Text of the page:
Challenges of graduation

  • Thursday, July 20, 2006 - Wale Ajao
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THIS is the season of graduation ceremonies. Secondary schools, public and private, are sending forth their students who have completed six years of continuous academic training. Among the schools that held their graduation ceremonies recently are Oyeleke Memorial College Offa, Kwara State, Westminster College Idimu Lagos, Jextoban Secondary School, Ketu, Lagos. Others to hold their graduation ceremony soon are Ronik Comprehensive College, Ejigbo, Lagos and Whitesands School, Lekki, Lagos. And several other colleges that will follow suit before the end of the current academic session.

The delight of the teachers as they take part in these ceremonies is that the little children that entered junior secondary school six years ago are now taller and lankier boys and girls ready made for tertiary education. The joy of the parents is the fact that success has been their lot as the boys and girls move on to the next stage of life. Of course, for the schools owners, these are days that the Lord has made. The joy and excitement of another blissful year cannot be overemphasised.

Celebrating those of the children who have won various awards and rejoicing with the others who have not won a single prize is all part of the mood of this season. In the midst of the pomp and pageantry, it is necessary to draw attention of the children to the tasks ahead. Graduating from secondary school is only the beginning of a new end. As the schools remind the children about their legacies and traditions, the children should also be told what they are likely to meet at the higher stages of their educational pursuits. As Professor Babatope Kolawole, former Vice-Chancellor, Federal University of Technology, Akure, said at the graduation ceremony of Jextoban Secondary School Ketu Lagos, the first major challenge the children will face is how to balance freedom with responsibility. In all the six years of secondary education, the children had been put under strict rules and regulations. They have been told what to do, how to do it, when and where to do whatever they needed to do. At the tertiary level, all that will change. The students will find that they are free to absent themselves from any lecture. They are free to attend any party or social gathering. They are now far away from home. The new atmosphere of freedom has misled so many young persons. They easily threw away all they had learnt at the secondary school level.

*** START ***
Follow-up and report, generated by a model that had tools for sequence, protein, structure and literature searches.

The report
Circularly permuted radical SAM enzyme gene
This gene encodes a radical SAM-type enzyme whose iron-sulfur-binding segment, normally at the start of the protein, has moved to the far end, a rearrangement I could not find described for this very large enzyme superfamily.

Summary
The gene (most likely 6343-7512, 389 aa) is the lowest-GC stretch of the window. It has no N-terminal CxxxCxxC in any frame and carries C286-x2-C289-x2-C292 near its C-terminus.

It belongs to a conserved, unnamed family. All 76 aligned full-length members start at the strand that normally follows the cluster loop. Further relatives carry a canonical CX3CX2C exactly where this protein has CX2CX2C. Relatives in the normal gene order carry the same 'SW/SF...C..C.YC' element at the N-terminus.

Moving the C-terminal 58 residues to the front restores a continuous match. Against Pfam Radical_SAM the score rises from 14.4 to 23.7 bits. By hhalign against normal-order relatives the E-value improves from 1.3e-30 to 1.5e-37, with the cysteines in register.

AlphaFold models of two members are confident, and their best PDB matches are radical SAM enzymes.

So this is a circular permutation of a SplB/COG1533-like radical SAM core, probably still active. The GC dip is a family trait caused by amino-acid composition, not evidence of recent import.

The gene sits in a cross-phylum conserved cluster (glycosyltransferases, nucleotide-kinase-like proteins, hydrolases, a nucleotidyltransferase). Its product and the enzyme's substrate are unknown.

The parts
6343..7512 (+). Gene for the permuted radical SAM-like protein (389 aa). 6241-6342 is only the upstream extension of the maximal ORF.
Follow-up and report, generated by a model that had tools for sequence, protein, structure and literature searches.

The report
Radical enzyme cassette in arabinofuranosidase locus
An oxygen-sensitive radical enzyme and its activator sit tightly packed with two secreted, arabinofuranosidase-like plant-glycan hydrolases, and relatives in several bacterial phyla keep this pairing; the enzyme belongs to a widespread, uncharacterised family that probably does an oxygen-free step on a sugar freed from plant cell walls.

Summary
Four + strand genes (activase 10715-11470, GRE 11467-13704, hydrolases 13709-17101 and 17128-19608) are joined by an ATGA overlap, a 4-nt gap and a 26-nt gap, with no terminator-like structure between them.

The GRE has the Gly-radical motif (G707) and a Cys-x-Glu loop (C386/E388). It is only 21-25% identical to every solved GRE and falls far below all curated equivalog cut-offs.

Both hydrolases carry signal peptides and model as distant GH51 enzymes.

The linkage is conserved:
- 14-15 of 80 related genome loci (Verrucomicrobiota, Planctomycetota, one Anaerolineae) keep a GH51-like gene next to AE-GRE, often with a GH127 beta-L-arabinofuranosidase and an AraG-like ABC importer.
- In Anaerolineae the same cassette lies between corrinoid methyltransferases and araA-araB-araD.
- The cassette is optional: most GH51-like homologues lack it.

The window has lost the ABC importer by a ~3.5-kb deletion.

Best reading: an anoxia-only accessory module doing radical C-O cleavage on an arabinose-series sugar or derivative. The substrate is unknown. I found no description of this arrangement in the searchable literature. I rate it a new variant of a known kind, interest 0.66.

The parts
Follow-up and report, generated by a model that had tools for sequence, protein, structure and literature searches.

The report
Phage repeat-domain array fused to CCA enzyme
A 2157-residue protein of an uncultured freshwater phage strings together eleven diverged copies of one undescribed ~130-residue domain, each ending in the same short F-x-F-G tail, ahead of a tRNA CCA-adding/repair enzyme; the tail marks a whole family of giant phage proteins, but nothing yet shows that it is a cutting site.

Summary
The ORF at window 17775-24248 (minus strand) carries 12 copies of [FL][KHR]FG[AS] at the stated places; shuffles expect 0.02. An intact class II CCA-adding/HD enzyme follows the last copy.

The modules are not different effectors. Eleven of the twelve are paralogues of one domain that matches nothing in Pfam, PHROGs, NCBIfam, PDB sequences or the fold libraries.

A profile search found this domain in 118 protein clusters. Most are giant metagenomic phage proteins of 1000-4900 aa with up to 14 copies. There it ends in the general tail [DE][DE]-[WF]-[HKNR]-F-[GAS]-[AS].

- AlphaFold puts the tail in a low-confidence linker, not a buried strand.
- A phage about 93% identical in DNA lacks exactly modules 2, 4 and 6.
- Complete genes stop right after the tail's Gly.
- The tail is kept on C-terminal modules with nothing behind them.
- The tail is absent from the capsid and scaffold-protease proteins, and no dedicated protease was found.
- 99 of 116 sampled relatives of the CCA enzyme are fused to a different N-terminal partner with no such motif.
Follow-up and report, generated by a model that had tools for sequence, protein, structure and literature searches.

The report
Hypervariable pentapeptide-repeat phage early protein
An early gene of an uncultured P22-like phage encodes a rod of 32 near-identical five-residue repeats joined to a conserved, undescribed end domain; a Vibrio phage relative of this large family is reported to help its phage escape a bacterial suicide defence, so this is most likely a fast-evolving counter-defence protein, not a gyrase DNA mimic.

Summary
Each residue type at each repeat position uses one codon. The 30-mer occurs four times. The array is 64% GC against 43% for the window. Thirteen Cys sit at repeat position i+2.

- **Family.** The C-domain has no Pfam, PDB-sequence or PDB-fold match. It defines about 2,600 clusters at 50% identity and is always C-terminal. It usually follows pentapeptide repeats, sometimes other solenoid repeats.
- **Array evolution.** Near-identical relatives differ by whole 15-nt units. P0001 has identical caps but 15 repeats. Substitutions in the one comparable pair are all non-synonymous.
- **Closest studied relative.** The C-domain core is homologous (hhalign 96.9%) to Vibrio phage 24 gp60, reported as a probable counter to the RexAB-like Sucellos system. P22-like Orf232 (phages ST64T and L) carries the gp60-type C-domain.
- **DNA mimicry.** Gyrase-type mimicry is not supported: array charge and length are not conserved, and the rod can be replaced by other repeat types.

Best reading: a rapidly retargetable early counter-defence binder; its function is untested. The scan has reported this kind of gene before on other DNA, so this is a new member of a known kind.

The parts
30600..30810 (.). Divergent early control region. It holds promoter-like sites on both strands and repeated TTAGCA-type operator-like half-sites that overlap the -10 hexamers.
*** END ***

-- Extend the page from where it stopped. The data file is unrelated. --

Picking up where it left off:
The new found freedom, designed to allow them exercise their intellect, has been a source of sadness for many youths. Some were lured into cultism and other various nefarious activities. To avoid this, college authorities should prepare the children for the new situation at the tertiary level. Other challenges like financing tertiary education, responding to social realities as they manifest also deserve attention. For example, when students gather together at tertiary level, they get and exercise the freedom to comment on government policies. They become critical of the society and university and polytechnic authorities.

Things which they dare not complain about at the secondary level, they take it up at the tertiary level. Things like inadequate water supply, increase in prices of fuel, retrenchment of civil servants which they read about and could not react to while in secondary school, becomes causes of student demonstration at the tertiary level. Some students, over the years, have lost their lives in such protests. Authorities of secondary schools would need to guide their graduands on how to cope with these challenges. The nation will only get the best from the college graduands if they can cope with these challenges.

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